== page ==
I’ve never been a fan of black metal (the cookie monster vocals are a definite barrier), but this article from The New Inquiry has given me a new perspective on one of heavy music’s most outré subgenres. In “Black Metal is Sublime,” author Adrian Van Young makes the case for black metal’s roots in the Romantic Era of the early 19th century:
Aesthetically, artistically, and ideologically, Black Metal and Romanticism are two sides of the same scuffed coin. Indeed, right down to the cherry-pit cleft in his chin, Hunt-Hendrix—who has written an 11-page aesthetics manifesto called “Transcendental Black Metal”—is a ringer for none other than Lord Byron, the 19th century bastion of what the poet Robert Southey called the “Satanic school” of verse. The Courier judged Byron as having “a brain from heaven and a heart from hell”—someone who “seems to have lived only that the world might learn from his example how worthless and how pernicious a thing is genius, when divorced from religion, from morals and from humanity.”
“The capacious term ‘spirituality’ lacks clarity because it is not so much a unitary concept as a signpost for a range of touchstones; our search for meaning, our sense of the sacred, the value of compassion, the experience of transcendence, the hunger for transformation.
There is little doubt that spirituality can be interesting, but what needs to be made clearer by those who take that for granted is why it is also important. To be a fertile idea for those with terrestrial power or for those who seek it, we need a way of speaking of the spiritual that is intellectually robust and politically relevant.” – Jonathan Rowson
Between explaining it away as an artifact of the brain and militant rejection of it as leftover cultural/scientific ignorance, spirituality has long been anathema to academic circles (and many corners of the YAY SCIENCE! internet community). If it’s discussed at all, it’s from the proposition of wishful fairy stories, peppered with a healthy amount of contempt and ridicule. … Read the rest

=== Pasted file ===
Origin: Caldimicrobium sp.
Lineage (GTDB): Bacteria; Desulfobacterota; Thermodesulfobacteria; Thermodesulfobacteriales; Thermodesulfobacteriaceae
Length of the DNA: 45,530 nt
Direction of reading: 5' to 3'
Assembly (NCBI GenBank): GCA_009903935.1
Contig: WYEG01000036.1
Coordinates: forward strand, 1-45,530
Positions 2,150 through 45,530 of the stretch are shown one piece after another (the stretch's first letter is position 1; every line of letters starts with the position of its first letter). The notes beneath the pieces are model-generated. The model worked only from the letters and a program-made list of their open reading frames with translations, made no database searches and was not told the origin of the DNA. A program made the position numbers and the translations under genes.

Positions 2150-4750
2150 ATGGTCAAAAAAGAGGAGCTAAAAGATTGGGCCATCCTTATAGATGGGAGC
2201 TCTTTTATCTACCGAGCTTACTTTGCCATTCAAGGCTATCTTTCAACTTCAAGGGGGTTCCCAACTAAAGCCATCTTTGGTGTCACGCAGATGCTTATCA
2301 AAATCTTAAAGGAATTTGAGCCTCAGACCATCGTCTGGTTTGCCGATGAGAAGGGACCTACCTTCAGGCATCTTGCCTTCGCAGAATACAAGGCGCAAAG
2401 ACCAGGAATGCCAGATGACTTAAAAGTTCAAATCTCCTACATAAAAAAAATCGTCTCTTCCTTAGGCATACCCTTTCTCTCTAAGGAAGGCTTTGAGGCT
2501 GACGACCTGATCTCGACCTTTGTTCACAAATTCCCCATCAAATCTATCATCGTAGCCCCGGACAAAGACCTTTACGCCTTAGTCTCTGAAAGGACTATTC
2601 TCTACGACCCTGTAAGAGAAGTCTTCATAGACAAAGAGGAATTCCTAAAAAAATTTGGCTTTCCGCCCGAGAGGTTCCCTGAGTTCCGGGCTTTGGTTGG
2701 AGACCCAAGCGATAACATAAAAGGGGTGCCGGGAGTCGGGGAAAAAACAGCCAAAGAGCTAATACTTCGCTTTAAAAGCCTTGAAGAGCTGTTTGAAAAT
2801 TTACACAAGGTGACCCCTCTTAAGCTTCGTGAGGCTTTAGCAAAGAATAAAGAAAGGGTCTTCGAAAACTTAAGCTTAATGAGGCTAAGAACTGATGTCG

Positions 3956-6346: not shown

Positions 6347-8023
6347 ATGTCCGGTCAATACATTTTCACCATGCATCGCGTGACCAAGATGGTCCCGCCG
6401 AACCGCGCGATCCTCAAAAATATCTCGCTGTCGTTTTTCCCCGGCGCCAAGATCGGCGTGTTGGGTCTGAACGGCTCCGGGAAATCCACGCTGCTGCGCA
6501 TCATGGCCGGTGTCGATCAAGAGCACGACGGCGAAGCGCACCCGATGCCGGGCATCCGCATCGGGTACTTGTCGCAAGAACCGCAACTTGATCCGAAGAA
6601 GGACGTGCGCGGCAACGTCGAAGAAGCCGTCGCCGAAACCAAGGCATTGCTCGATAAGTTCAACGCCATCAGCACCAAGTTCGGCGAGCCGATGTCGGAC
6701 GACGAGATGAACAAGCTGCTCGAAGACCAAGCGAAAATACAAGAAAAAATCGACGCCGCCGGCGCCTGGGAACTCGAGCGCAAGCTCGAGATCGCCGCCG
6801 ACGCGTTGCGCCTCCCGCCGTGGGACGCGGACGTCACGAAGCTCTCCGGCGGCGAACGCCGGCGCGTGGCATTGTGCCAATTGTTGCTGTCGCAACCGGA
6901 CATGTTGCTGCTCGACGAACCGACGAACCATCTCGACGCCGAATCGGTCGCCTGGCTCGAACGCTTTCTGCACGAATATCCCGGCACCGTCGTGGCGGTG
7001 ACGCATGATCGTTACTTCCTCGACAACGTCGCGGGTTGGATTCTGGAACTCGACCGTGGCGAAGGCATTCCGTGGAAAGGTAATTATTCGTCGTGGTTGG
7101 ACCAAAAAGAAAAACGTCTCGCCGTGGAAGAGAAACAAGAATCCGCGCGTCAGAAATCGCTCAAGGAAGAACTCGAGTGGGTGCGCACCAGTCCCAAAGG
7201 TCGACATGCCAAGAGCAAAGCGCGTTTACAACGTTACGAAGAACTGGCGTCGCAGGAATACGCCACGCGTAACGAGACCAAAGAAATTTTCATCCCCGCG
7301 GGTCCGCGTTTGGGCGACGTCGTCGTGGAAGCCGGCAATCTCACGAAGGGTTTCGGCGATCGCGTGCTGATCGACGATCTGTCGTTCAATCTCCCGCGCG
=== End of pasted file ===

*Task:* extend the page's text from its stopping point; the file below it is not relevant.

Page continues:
Will Meecham says yes. Via Psych Central:
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My younger years felt poisoned with dissatisfaction, rage, and confusion. Looking back, it’s clear I struggled with many of the difficulties known to stem from adverse home life. Here is my breakdown of the common problems, derived from multiple sources and framed by personal experience: poor self-concept, emotional reactivity, social unease, feelings of emptiness, problems with focus, and stress-induced bodily symptoms.During the years of my recovery, each of these qualities changed from feeling wholly negative to seeming at least partially positive. Taken together, in their new form they help me appreciate life’s majesty even in the face of pain, loss, and illness. To feel privileged to be alive regardless of circumstance is, I suspect, near to realization. There is room for much greater maturity, but most of the time I feel contented and unafraid. What more does a person require?
Most people’s eyes glaze over at the mention of “astrology” these days. Mainly because the first things that spring to mind are spirituality-for-entertainment crystal gazers and a list of general-to-the-point-of-meaningless life forecasts next to the Sunday comics (and now, apparently, a divination system to compete with/outperform other scam artists on Wall Street). Manly P Hall isn’t interested in the horoscope-ified version either, but in examining how it was the ancients studied the stars and their locations, the significance of their movements, and mapping them in constellations. Also, how various myths are mapped to celestial (including planetary and solar) motions.
Hall distinguishes it here as “astro-theology,” and, being a more sophisticated take on the subject, I figured it would be appreciated by disinfonauts (and simply deserves a wider audience, as is). Archetypes, deep symbolism, degrees of consciousness, the Solar Hero Myth (and its many iterations), how these thoughts still effect and pervade our lives – Hall covers a great deal. … Read the rest